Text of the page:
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Twitter is apparently working on a new live events platform, that will function in some capacity similar to a DVR.  The news came by way of Twitter CEO, Dick Costolo at a technology panel this morning.  Twitter has long been the dominant platform for discussing TV shows and other live events, “90 percent of all public conversation online about TV is happening on Twitter,” said Jared Feldman, founder and CEO of Mashwork, a social intelligence company.

Earlier this year, Twitter acquired Bluefin Labs, a social TV analytics company, in an effort to bolster its social analytic offerings.  “That ability to track and monitor the moments within an event, either as they happen or to catch up with them, is something we want to enhance,” said Costolo. “We want to make that experience even better, curating the moments within the event, the media from it, and making it that much easier to navigate.”

Costolo also went on to reflect about how Twitter had tried during the last Olympics, to curate and highlight tweets from athletes and news commenters, but ultimately found that the solution was lacking.  Costolo made it clear that Twitter still aspires to be the “town square” for conversations, something it thought the approach taken with the Olympics lacked.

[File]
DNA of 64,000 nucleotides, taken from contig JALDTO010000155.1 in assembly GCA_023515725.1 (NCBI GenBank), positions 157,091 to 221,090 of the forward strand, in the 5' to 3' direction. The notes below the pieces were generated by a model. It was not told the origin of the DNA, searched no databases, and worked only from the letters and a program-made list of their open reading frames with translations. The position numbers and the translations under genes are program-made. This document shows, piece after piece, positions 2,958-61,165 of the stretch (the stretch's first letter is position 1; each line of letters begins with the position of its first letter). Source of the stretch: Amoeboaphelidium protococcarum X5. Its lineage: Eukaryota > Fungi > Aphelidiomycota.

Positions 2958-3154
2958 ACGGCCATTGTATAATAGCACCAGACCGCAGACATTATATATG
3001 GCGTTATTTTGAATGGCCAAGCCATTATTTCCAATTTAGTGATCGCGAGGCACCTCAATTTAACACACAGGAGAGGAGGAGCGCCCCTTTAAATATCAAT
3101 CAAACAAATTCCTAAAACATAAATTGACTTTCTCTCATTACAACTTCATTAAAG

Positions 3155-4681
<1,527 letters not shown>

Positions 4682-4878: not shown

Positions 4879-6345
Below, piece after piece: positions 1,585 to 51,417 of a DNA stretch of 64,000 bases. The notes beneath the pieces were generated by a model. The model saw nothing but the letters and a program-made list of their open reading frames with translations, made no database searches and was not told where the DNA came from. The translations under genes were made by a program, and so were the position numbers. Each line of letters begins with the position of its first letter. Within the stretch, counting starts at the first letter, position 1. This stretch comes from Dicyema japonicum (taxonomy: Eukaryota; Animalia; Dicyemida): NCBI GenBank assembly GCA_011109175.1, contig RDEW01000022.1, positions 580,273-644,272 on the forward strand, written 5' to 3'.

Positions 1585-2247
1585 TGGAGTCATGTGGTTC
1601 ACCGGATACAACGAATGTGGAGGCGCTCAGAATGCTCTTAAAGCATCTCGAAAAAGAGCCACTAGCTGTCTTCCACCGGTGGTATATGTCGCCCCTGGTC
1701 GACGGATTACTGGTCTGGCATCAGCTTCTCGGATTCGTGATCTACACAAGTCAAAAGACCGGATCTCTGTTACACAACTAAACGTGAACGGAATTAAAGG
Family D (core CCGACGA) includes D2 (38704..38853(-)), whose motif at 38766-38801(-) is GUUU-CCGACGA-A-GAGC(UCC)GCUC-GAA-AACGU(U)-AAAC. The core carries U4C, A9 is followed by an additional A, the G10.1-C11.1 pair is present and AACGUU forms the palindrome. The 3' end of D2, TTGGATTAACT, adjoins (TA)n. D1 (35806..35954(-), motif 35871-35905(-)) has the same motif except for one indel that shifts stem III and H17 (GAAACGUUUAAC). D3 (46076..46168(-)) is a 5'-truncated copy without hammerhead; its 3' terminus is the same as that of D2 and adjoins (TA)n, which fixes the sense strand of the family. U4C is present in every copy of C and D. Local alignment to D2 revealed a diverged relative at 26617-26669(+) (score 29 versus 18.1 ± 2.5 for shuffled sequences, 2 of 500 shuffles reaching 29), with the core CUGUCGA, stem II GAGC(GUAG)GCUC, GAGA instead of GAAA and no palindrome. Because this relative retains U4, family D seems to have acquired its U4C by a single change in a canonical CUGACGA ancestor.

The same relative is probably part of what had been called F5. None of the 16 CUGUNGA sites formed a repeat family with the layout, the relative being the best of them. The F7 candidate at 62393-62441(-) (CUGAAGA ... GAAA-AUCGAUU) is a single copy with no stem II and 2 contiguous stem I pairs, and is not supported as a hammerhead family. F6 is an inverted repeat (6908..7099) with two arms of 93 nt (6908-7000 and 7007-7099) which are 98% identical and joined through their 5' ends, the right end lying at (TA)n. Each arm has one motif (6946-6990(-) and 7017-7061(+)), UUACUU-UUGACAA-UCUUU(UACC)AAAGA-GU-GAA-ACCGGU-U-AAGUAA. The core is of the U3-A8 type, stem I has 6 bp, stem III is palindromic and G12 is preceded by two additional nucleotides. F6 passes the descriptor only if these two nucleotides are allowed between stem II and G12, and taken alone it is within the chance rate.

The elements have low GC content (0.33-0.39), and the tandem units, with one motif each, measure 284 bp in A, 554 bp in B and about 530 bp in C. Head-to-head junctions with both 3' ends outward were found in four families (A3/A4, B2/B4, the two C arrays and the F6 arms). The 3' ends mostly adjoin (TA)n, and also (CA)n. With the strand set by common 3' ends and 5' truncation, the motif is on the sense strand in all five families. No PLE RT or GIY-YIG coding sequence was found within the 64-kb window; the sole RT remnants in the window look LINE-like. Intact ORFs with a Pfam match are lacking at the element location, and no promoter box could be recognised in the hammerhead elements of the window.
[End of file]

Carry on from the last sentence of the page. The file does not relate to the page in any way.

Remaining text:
Twitter has made it known it wants to be the main second screen and is clearly looking to further improve and solidify its presence as the second screen with some new features its working on.

“We’re not in the business of synthesizing and analyzing,” he said. “It’s the journalists and the news organizations in the world who will take all this info and analyze and curate it as they’ve always done,” he went on to say.

So in an effort to address the signal to noise ratio problem, Twitter is experimenting with a new live events tool that it hopes will keep the “town square” feel, while still highlighting the key moments. Right now, keeping track of live events on Twitter is very primitive, as you are probably aware, you are essentially just following the tweets in reverse chronological order, but that will soon change with this new feature.

“It would be nice to see things like a graphic of spikes in the conversation, what timed they happened, and be able to scroll back to that time to see what happened at that particular moment,” Costolo said. And for planned events, he added that Twitter would like to offer that same functionality to users, even if they’re watching the event on a delayed basis. He described this as being able to “follow along with Twitter in a DVR mode.”

Perhaps that could help prevent major spoilers from occurring?  I guess we’ll have to wait and see.

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